With President Donald Trump’s decision on Monday to remove over 2 million acres of land from Bears Ears and Grand Staircase-Escalante national monuments, three lawsuits have already been filed in response to the presidential proclamation.
According to The New York Times, one was filed on Monday in Washington D.C. by the Wilderness Society, Great Old Broads for Wilderness and eight other groups in defense of Grand Staircase-Escalante. A second suit also aims to defend Grand Staircase-Escalante, which was filed by paleontologists.
And a third suit was filed Monday evening by five Native American tribes challenging the Bears Ears decision by President Trump. The Navajo Nation, the Hopi, the Ute Mountain Ute, the Ute Indian Tribe of the Uintah and Ouray Reservation and the Zuni tribes all are in support of Bears Ears National Monument.
Their suit questions President Trump’s authority to modify or replace national monuments created by predecessors.
This is amazing pic.twitter.com/iSSO2yjfyR
— NativesOutdoors (@NativesOutdoors) December 5, 2017
These five tribes were part of the coalition that for years pushed for the Bears Ears region to become federally protected, as these tribes consider the land sacred ground.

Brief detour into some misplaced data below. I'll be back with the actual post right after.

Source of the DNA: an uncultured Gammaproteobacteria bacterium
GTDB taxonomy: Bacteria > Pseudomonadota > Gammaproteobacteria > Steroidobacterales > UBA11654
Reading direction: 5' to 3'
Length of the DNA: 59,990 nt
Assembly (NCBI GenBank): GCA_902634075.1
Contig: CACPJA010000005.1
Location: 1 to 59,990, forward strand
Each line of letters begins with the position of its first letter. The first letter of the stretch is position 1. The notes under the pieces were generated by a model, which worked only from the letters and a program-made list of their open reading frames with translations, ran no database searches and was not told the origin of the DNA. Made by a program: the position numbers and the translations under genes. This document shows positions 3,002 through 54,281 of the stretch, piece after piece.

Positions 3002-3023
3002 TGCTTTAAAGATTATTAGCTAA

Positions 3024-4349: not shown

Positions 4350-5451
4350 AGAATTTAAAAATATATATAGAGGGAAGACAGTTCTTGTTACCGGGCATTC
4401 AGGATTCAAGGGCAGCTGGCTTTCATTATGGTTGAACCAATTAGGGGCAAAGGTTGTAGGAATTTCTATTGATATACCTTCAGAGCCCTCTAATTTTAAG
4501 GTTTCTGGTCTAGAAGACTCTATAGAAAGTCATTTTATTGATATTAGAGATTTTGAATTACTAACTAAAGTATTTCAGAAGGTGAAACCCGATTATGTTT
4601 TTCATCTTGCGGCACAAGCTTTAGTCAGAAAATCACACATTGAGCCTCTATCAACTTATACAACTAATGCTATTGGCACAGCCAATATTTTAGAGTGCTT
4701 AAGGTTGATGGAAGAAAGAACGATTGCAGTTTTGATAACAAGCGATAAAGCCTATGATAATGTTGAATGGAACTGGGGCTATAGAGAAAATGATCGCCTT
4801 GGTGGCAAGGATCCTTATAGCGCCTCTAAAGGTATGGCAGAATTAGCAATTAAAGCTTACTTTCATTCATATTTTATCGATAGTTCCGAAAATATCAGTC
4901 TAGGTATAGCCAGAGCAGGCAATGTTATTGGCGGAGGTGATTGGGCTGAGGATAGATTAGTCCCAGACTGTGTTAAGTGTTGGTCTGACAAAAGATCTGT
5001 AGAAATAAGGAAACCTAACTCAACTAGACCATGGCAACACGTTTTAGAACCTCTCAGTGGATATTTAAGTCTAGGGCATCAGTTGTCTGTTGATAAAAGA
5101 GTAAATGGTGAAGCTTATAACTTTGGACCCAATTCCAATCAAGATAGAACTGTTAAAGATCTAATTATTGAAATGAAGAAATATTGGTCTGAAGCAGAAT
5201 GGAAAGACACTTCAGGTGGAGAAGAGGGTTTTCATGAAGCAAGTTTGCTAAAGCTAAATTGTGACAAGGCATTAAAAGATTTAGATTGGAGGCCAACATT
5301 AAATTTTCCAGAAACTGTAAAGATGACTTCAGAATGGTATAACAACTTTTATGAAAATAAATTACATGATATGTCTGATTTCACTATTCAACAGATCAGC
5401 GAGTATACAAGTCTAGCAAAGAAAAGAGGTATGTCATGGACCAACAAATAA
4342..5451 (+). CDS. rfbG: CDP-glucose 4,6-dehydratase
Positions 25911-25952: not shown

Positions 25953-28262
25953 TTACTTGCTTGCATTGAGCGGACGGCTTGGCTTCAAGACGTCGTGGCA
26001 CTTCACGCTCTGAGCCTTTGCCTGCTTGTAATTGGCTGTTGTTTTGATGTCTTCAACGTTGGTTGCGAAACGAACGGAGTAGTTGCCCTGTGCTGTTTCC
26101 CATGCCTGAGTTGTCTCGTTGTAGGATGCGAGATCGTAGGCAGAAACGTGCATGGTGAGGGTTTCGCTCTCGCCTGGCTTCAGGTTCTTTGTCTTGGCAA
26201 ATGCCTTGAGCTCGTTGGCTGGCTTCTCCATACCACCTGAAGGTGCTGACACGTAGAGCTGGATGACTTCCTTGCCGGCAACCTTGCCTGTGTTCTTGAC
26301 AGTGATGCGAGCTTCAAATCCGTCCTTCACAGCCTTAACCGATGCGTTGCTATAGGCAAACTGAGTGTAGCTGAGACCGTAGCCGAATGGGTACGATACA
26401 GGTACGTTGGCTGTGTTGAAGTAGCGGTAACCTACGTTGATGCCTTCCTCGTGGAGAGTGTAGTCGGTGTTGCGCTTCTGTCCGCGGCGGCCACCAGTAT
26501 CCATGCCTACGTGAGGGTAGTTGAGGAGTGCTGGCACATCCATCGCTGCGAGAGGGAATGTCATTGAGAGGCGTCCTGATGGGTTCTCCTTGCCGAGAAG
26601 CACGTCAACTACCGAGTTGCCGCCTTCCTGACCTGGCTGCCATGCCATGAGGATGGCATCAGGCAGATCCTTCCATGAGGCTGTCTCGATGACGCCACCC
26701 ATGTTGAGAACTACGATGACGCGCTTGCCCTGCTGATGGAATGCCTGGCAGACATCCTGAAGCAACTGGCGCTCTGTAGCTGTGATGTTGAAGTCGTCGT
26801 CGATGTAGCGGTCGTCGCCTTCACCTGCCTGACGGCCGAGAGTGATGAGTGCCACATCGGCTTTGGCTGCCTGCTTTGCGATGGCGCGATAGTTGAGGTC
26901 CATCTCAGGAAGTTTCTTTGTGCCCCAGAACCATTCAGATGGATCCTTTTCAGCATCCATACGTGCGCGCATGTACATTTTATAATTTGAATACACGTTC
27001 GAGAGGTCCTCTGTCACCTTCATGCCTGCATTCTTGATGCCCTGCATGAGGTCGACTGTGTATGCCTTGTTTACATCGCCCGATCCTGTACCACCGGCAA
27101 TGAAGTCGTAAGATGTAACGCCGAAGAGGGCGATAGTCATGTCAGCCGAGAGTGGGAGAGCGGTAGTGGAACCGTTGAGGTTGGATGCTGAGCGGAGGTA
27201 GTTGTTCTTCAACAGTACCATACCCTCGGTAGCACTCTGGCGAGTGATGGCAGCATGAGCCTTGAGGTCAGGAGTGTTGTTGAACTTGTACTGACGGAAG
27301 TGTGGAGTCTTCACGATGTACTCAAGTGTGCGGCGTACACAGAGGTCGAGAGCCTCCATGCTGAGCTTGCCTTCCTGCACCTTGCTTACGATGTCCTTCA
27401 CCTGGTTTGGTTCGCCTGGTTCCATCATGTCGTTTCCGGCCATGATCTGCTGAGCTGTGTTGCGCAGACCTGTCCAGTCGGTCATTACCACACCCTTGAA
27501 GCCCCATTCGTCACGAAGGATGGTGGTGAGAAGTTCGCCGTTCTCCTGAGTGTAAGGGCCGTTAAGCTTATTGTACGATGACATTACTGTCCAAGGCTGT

In a statement released in conjunction with the lawsuit on Monday evening, the tribes said:
“Through the Antiquities Act, Congress delegated to the president the limited authority to designate national monuments and retained to itself the power to revoke or modify national monuments. The proclamation signed by President Trump today is so extreme that it revokes and replaces Bears Ears and thereby violates the Antiquities Act and seizes authority that the Constitution vests solely in Congress.”
As many analysts suspected, this seems destined to play out in the courts. Patagonia had been very outspoken against the long-anticipated decision by the president for quite some time, and their dissenting voice is only growing louder. They are expected to file a lawsuit on Wednesday against the president, as founder Yvon Chouinard said as much in an interview with CNN.
Patagonia also released materials and information today that center around one message: “The President Stole Your Land.”
— Patagonia (@patagonia) December 4, 2017
General Counsel for Patagonia Hilary Dessouky told GrindTV:
“The Administration’s unlawful actions betray our shared responsibility to protect iconic places for future generations and represent the largest elimination of protected land in American history. We worked to establish Bears Ears National Monument and will now fight to protect it. On Wednesday, we will be filing a lawsuit challenging the president's revocation of Bears Ears National Monument.”
As we’ve said from the beginning of President Trump’s executive order to have Secretary of the Interior Ryan Zinke review 27 national monuments, it looks like this is all going to end up in the legal system for the conservation approach of this country to ultimately be decided by judges.
Stay tuned to GrindTV for more on this issue and it develops.
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